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Crowds choose Calvin Harris and Hakkasan for New Year’s Eve

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Calvin Harris spun for the masses at Hakkasan on New Year’s Eve.
Photo: Powers Imagery, LLC

You know you’re at the place to be on New Year’s Eve in Las Vegas when after navigating an hour-long queue and fighting the hordes inside, there’s another line just to get onto the dance floor.

Such was the case at Hakkasan for their first New Year’s Eve bash, which saw resident dance kingpin Calvin Harris ring in 2014 with a slate of pop gold and a legion of adoring clubgoers crammed into every nook and cranny with hopes of getting in on the action.

For a nightlife juggernaut like Hakkasan, which routinely draws crowds with a pedigree of A-list DJs and a venue that looks like its $100-million price tag, the scene was standard fare: dim lights, sporadic confetti, a gawking, static dance floor and a palpable sense of anticipation. Thirtysomethings in sharp suits lorded over booths and tables, pouring Veuve Clicquot and Grey Goose into the mouths of female companions dancing atop them; the plebiens, meanwhile, traversed the perpetual, amorphous line-crowd flooding the corridors up to the bars, where they were offered cardboard party hats as consolation.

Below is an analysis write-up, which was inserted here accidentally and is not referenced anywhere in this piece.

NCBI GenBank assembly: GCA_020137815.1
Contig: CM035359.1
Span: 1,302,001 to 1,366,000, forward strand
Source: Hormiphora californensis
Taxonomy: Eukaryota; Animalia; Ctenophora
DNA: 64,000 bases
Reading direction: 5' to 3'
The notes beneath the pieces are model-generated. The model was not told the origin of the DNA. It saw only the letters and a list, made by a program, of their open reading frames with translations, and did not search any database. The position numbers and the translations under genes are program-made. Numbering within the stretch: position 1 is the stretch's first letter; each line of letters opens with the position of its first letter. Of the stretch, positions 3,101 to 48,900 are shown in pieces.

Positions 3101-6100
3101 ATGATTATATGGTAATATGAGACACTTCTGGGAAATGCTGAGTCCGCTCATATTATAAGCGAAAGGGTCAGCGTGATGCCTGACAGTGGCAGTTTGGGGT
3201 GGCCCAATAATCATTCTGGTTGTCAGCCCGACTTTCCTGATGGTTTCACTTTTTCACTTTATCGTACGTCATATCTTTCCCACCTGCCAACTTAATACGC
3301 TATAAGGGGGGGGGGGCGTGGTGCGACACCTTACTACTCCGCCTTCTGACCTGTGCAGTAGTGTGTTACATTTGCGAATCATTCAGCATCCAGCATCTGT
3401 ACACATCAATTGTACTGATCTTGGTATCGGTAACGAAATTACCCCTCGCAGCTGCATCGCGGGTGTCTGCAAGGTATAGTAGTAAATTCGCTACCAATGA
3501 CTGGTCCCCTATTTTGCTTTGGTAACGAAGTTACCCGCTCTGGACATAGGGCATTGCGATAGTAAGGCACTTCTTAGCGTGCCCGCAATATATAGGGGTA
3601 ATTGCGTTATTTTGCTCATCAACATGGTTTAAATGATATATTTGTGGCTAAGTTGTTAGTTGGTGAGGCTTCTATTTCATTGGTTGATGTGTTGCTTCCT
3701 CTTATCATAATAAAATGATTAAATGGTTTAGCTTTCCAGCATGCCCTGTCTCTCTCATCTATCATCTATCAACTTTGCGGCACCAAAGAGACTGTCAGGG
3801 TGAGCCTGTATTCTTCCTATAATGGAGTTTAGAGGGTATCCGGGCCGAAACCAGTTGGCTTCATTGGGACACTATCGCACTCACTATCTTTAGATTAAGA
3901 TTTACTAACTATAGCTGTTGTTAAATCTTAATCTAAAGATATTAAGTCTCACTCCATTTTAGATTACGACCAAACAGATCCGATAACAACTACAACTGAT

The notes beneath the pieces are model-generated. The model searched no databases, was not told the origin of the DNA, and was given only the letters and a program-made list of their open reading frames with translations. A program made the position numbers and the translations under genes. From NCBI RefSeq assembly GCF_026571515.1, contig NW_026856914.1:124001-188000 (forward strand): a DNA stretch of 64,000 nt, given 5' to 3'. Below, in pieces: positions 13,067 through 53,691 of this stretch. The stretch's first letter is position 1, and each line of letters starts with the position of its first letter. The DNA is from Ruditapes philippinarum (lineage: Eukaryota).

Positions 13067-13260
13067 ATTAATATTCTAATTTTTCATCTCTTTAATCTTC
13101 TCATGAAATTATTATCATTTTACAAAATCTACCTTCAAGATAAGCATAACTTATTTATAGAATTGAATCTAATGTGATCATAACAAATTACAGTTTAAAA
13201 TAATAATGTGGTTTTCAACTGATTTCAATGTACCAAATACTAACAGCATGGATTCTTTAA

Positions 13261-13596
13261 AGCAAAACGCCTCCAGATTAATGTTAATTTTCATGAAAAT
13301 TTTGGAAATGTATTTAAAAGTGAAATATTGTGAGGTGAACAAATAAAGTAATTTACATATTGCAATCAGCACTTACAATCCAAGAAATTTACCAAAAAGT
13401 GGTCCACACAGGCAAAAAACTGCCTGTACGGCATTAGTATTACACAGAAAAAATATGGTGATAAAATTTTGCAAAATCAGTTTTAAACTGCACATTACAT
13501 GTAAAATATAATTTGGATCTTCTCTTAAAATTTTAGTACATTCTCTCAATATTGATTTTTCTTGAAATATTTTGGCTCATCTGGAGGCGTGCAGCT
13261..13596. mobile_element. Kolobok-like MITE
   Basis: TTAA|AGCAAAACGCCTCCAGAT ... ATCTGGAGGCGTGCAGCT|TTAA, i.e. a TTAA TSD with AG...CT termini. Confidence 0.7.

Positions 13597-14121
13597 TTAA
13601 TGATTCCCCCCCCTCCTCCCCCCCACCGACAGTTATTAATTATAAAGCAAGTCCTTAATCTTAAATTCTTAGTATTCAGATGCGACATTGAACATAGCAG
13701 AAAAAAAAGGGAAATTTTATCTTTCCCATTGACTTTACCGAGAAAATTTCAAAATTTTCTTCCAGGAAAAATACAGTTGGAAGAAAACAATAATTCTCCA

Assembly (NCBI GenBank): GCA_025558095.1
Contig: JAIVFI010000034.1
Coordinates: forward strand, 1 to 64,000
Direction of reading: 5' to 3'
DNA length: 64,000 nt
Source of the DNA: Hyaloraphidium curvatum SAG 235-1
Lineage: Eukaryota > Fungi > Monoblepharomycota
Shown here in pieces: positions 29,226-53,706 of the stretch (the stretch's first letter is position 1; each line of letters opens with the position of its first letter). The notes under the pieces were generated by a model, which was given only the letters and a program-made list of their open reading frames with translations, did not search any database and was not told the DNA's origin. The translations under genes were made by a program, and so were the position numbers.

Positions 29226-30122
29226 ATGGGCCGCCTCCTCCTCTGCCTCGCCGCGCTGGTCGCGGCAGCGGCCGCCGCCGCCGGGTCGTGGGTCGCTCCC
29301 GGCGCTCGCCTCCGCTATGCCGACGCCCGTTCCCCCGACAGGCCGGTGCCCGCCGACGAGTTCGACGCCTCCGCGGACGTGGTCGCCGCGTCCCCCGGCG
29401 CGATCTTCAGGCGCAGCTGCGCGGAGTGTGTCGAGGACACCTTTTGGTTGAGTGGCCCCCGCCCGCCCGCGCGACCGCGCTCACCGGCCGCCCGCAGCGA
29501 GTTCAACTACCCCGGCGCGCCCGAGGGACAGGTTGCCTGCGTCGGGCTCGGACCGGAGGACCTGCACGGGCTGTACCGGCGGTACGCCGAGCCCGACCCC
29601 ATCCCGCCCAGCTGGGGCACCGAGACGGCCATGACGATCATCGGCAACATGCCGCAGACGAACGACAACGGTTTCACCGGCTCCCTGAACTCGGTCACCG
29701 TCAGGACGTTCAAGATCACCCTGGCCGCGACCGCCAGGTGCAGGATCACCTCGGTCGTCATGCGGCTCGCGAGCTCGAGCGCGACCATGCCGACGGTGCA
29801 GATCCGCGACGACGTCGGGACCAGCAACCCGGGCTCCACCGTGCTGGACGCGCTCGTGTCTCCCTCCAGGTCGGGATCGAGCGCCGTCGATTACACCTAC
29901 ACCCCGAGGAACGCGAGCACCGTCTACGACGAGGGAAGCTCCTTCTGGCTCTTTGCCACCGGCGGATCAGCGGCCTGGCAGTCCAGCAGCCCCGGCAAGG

Hakkasan's first New Year's Eve saw resident dance kingpin Calvin Harris in the DJ booth.

Hakkasan's first New Year's Eve saw resident dance kingpin Calvin Harris in the DJ booth.

On this night, however, the typical brusqueness of the bar crowd was replaced by a giddy affability—strangers struck up conversation and bought each other drinks (sans flirtatious agenda), literally joining hands to turn the upper level terrace bar into an improvised dancefloor that beat the cramped situation on the formal one below.

Harris took the stage a minute before midnight, his booth so packed with dancers and revelers that his voice on the mic was the only clear indication of his presence. The countdown itself lacked any particular decadence or fanfare that might be expected of club’s first New Year’s Eve celebration—just a cough of confetti and some strobe lights—though Harris still managed to kick the energy up to 11.

The Grammy winner knows to read a crowd, opening with his ubiquitous “Sweet Nothing” and continuing into an onslaught of call-and-response pop favorites, dipping occasionally into his indie-electro roots with remix nods to Justice and Daft Punk. Deeper into the set, aerialists descended from the ceiling in choreographed time to Harris’ beats (a strategy we’re sure Light is thrilled about), weaving amongst cloth curtains and laser lights as the line to the dance floor continued to grow. The night may have done little to deviate from the familiar, but sometimes novelty is overrated—on a night like New Year’s Eve, it’s more fun to just sing along and dance.

Tags: Nightlife
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